Greece, creditors haggle to avoid costly default
By Dina Kyriakidou and George Georgiopoulos
ATHENS (Reuters) - Greece began a new round of bargaining on a bond swap deal with its creditors on Wednesday, with both sides under mounting pressure to iron out differences before they push Athens to a messy default.
The two sides said little after the more than two-hour meeting other than to note they would meet again on Thursday. Greece needs a deal within days to avoid the prospect of default when bond redemptions come due in March.
"They are working hard to breach differences and they will continue tomorrow," a source close to the talks told Reuters.
Officials and bankers earlier expressed hope that a deal could be struck in the coming days despite a breakdown in talks last week over the interest rate Greece will offer on new bonds and a plan to enforce investor losses.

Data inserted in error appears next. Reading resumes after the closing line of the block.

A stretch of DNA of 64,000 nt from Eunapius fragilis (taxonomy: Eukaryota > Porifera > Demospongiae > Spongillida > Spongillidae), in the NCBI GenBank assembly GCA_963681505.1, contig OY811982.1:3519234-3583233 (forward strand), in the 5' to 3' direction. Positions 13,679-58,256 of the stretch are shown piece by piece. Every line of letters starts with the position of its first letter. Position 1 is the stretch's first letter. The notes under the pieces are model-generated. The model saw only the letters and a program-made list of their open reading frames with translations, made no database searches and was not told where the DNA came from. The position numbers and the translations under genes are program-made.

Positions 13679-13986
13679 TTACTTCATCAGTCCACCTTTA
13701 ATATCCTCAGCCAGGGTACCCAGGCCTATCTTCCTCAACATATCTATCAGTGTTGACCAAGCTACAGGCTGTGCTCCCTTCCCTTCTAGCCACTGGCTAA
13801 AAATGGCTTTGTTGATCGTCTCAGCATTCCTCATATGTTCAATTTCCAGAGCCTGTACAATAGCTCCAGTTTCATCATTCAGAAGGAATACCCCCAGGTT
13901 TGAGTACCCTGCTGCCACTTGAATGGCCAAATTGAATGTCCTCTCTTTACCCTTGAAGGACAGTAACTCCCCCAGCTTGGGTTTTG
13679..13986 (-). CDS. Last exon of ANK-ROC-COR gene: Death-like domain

Both points were on the table when negotiations resumed between Charles Dallara, head of the International Institute of Finance representing private creditors, and Greece's prime minister and finance minister.
With 14.5 billion euros ($18.5 billion) of bond redemptions due in late March, Athens goes into the talks with a weak hand.
It will take weeks to process the paperwork after a deal is reached and Greece's foreign lenders have warned and that the work must be cleared before Athens receives more international funds.